FALMOUTH — A national reduction in food assistance benefits, tougher standards for general assistance, and an unusually bitter winter have combined to form a perfect storm at area food pantries.
Throughout Cumberland County, the pressure on food pantries has increased as families face high heating costs and an across-the-board 5 percent cut in the Supplemental Nutrition Assistance Program, or SNAP.
The cuts to the federal SNAP program took effect Nov. 1, 2013, and the outcome has been obvious, said Don Morrison, operations manager for Wayside Food Programs.
Wayside is a Portland-based non-profit food salvage charity that locates damaged, discontinued, surplus or otherwise unwanted food and distributes it to 47 food agencies throughout Cumberland County.
“The demand from our partner agencies is way up,” Morrison said.
The year-to-year difference for December was an increase of 13 percent, according to data provided by Morrison.
In December 2012, the program shipped 38,000 pounds of food to pantries. A year later, in December 2013, the program shipped 43,000. The number of recipients increased by 23 percent, from 52,000 to 64,000 people, during those same periods.
The town of Cumberland, for instance, had a record-setting week in late December, Morrison said.
At the Falmouth Food Pantry the increase is also significant. This year, the pantry served 240 families during January, compared to 195 families a year ago, according to the pantry’s president, Dotty Blanchette.
“We’re seeing some serious nutritional challenges,” Blanchette said.
Changes to benefits at the state and federal levels have pushed the burden onto charities, she said.
“They want food pantries to pick up the slack and it has become harder and harder for all of us,” Blanchette said. “We are fortunate that we have wonderful support from the churches and the community, more so than other communities, I think.”
The pantry has grown significantly during the six years it has existed. Initially, the charity served 35 families. Today, there more than 300 client families. (Many families visit every other month.) The pantry has 90 volunteers and serves Falmouth and the surrounding communities, including Portland.
Some of the increased numbers are due to a new partnership with Westbrook. Earlier this month, the pantry agreed to provide supplemental food to needy Westbrook families that aren’t adequately covered by their town’s safety net. The pantry had been serving Westbrook residents before, but the partnership formalized the relationship.
The additional families make Falmouth Food Pantry eligible for a $40,000 grant to help expand their existing facility at Town Hall by 30 percent, Blanchette said.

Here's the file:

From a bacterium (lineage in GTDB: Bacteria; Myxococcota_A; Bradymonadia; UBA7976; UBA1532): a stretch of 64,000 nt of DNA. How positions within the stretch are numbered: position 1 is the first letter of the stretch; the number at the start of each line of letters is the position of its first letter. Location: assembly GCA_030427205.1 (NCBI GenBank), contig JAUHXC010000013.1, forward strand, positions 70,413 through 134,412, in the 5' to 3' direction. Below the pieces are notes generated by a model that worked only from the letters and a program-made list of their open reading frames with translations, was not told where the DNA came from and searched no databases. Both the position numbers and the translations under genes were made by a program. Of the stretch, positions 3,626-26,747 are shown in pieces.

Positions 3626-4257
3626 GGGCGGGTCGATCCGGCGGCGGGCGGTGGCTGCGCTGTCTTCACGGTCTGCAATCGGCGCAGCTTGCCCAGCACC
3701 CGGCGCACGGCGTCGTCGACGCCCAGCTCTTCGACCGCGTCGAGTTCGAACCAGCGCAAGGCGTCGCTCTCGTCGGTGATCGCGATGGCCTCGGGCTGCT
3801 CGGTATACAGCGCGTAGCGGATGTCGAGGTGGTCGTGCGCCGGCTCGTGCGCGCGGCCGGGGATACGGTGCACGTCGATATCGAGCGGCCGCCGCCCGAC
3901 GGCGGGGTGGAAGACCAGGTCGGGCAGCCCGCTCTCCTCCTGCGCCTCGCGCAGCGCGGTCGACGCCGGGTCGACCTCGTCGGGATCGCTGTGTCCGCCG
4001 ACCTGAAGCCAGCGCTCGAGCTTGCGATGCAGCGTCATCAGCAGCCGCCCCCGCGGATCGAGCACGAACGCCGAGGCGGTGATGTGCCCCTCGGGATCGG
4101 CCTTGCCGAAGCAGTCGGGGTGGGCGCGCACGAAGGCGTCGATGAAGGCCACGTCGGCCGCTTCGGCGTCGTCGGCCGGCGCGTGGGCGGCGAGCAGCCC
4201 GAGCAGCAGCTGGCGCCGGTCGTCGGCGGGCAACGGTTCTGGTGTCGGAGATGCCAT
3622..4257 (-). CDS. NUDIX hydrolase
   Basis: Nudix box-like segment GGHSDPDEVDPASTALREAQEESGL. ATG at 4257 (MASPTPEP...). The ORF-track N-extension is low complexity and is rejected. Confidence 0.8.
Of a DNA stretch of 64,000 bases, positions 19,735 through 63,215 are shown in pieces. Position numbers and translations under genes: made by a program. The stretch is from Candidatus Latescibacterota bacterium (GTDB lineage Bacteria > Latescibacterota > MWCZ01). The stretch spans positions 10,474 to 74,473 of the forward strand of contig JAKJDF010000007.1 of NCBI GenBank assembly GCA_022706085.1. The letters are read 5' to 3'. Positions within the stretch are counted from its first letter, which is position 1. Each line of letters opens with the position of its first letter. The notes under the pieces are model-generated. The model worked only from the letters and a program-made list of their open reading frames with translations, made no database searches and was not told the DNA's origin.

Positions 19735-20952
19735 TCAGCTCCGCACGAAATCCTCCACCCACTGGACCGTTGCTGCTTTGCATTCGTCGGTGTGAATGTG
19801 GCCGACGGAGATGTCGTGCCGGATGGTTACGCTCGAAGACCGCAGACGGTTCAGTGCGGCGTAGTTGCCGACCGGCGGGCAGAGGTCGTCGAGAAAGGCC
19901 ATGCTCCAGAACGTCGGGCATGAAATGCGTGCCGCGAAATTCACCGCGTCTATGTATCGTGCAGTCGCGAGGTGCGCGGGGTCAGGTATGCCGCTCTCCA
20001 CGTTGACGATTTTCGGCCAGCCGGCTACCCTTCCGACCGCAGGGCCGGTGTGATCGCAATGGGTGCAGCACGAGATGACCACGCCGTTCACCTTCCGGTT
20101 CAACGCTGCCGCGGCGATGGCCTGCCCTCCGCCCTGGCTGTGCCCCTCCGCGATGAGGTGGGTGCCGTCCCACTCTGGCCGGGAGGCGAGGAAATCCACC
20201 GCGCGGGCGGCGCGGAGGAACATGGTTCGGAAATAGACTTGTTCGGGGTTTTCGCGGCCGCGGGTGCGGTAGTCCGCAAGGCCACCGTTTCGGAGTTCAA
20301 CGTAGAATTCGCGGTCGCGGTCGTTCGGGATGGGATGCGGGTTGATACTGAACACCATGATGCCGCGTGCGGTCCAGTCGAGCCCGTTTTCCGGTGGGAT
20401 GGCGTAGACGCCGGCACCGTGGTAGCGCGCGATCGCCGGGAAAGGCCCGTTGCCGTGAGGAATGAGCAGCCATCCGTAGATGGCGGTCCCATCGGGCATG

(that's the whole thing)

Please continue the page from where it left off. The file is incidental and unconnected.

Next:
The pantry also provides general assistance, such as help with heating oil costs, minor car repairs, school books and more.
The volunteers also perform home visits.
“People are always shocked by how many families we serve in Falmouth, but there are so many hidden poor here,” she said. “These families are underemployed, disabled or single-mothers. I think it’s important to know that most of our families are working at least part time.”
The pantry receives food and supplies from Wayside Food Programs, Hannaford grocery stores, several charities and all Falmouth churches, but this year it has been a struggle to keep adequate food stores, Blanchette said.
Earlier in February, Gorham Savings Bank launched a food drive that runs through the end of the month. More than a dozen businesses are accepting food donations for the pantry.
So far, Blanchette said, the drive has been “so-so.”
Falmouth Food Pantry volunteer Sandy Cushman, left, and President Dotty Blanchette stock a refrigerator with butter at the Falmouth Road facility on Tuesday. A cold winter combined with cuts in federal benefits has increased demand on charities, Blanchette said.
FALMOUTH — More than a dozen businesses are accepting food donations through the end of the month to benefit the Falmouth Food Pantry.
Donations of non-perishable foods and essential household items can be dropped off at both Gorham Savings Bank branches and both Dunkin’ Donuts locations, plus A Perfect Smile, Atlantic Physical Therapy, Falmouth Memorial Library, Greener Postures Yoga, Little Hands Daycare & Learning Center, Little Hands After School, Pine Grove School, Saulter Chiropractic Center, Southworth International Group and TideSmart Global.
High-demand foods include small bottles of cooking oil, non-instant white rice, canned tuna, flour and sugar. Essential items include liquid laundry detergent, toilet paper, soap, shampoo, toothpaste and toothbrushes.
— Ben McCanna